Cancer Institute

  • Lucio Miele

    Ergon Professor, Departments of Pharmacology, Biochemistry and Radiation Oncology
    Molecular Cancer Therapeutics Program
    MD, 1982, University of Naples "Federico II," Italy
    PhD, 1987, University of Naples "Federico II," Italy and
    Max-Planck Institute for Molecular Genetics, Berlin, Germany
    Postdoc, 1986-90, National Institutes of Health, Bethesda, MD

    Contact information
    2500 N State St, Suite G751-5
    Jackson, MS 39216
    Phone: (601) 815-6802/3
    E-mail: lmiele@umc.edu

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    Research interests

    The Miele laboratory has been focusing on cancer experimental therapeutics for 17 years. We study the Notch signaling pathway, which mediates communication between contiguous cells and regulates cell fate during embryonic development and postnatal life.

    The 4 mammalian Notch genes encode membrane receptors that are activated by cell surface ligands of the Delta and Jagged families. Upon activation, Notch receptors are cleaved by ϒ-secretase, generating an intracellular domain (NICD) that migrates to the nucleus and controls the expression of numerous genes in a context-dependent fashion.

    In cancer, Notch signals are exchanged between cancer cells, between cancer cells and stroma and between cancer cells and endothelial cells. Drugs that inhibit ϒ-secretase (GSIs) are currently in clinical development, in part as a result of our studies: we and the Osborne lab in Massachusetts simultaneously discovered that Notch1transmits a survival signal to leukemia cells and T-cells respectively.

    We determined that Notch inhibition synergizes with chemotherapy drugs in several models. Subsequently, we showed that Notch1 activation is required for neoplastic transformation induced by H-Ras, and that Notch1 is expressed in breast cancer.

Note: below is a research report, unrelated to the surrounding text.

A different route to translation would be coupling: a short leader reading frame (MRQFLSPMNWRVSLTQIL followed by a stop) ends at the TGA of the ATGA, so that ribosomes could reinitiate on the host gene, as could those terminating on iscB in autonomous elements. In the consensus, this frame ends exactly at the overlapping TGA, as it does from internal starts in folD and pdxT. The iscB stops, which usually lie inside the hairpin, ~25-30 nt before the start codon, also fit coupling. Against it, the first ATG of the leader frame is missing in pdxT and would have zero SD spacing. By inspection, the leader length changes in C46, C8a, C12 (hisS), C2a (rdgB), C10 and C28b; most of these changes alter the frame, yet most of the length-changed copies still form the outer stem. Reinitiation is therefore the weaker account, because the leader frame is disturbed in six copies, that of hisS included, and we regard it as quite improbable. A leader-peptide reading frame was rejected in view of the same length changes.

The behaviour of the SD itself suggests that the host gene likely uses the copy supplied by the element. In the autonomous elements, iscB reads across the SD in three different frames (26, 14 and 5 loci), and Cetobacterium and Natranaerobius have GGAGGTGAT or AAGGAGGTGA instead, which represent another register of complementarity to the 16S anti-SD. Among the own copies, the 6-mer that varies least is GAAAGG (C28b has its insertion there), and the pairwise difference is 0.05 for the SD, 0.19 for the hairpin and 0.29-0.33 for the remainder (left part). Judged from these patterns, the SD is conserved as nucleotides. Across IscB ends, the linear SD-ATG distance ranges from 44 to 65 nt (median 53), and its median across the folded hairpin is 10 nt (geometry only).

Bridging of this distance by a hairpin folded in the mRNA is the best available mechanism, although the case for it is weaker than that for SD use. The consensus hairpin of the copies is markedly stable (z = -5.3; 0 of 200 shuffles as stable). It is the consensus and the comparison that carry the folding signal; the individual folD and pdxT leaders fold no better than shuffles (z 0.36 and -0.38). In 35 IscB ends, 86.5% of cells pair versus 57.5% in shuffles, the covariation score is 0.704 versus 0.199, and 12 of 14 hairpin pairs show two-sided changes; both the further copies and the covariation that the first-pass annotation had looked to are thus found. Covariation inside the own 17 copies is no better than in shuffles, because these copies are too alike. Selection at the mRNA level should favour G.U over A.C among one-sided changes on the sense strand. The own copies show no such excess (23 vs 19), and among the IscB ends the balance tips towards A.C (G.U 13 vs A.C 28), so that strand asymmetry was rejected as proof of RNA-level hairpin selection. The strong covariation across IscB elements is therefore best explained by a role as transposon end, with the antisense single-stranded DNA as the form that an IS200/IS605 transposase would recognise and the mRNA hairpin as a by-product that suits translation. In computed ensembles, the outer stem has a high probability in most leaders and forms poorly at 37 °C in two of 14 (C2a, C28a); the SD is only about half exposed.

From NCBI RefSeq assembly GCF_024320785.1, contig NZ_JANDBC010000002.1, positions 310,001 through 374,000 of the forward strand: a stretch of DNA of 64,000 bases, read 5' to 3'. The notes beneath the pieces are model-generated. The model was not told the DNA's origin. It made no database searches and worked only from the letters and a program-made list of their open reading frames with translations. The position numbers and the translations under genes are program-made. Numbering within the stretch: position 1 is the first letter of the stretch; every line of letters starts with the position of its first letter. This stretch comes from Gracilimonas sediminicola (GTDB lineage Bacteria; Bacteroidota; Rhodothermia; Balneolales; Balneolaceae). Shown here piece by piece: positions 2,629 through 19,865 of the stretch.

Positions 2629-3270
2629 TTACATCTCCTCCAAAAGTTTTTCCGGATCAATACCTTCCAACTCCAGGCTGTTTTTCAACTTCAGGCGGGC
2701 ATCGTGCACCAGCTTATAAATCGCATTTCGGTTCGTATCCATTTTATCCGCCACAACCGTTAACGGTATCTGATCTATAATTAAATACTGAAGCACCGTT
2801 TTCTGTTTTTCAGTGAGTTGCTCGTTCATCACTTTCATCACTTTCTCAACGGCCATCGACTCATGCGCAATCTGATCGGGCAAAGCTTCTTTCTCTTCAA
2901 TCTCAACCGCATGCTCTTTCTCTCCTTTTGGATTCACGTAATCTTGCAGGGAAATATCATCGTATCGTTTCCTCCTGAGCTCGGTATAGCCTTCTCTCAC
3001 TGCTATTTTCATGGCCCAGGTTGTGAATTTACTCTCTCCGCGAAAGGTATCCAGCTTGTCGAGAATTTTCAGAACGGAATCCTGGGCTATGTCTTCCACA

We discovered that endocrine therapy with SERMS or estrogen deprivation causes re-activation of Notch in ER-positive breast cancer cells and that combinations of endocrine therapy and a GSI are synergistic in vitro and in vivo.

    In collaboration with the Albain group in Chicago, we have recently concluded a first-in-human clinical trial of this combination. We determined that Notch1 activates ERα in the absence of estrogen via IKKα, a potential mechanism of endocrine resistance. Similarly, in Her2/Neu-positive breast cancer cells trastuzumab (Herceptin) re-activates Notch and renders cells sensitive to GSIs. We are pursuing this line of research in collaboration with the Osipo lab.

    We are currently exploring the role of Notch signaling in endocrine-resistant breast cancers, in triple-negative breast cancers (TNBC) and in breast cancer tumor-initiating cells.

    Recent accomplishments and honors

    • 2011 - Co-Organizer, First International Conference on targeting Notch signaling in cancer, Mykonos, Greece
    • 2011 - Invited Speaker, Fifth International Notch conference, Athens, Greece
    • 2011 - Invited Speaker, International Conference on Stem Cells and Cancer, Mumbai, India
    • 2009-present - Co-Chair, task force on cancer stem cells therapeutics, CTEP (Cancer Therapeutics Evaluation Program), National Cancer Institute

    Selected publications

    • Gu JW et al. Postmenopausal obesity promotes tumor angiogenesis and breast cancer progression in mice. Cancer Biol Ther. 11, 910-7, 2011.
    • Hao, L, et al. Notch-1 activates estrogen receptor-alpha-dependent transcription via IKKalpha in breast cancer cells. Oncogene 29, 201-13, 2010
    • Rizzo P et al. Cross-talk between notch and the estrogen receptor in breast cancer suggests new therapeutic approaches. Cancer Res 68, 5226-35, 2008.
    • Osipo C et al. ErbB-2 inhibition activates Notch-1 and sensitizes breast cancer cells to a ϒ-secretase inhibitor: a novel therapeutic opportunity. Oncogene 27, 5019-5032, 2008.
    • Weijzen S. et al. Activation of Notch-1 signaling maintains the neoplastic phenotype in Ras-transformed human cells. Nature Medicine 8, 979-986, 2002.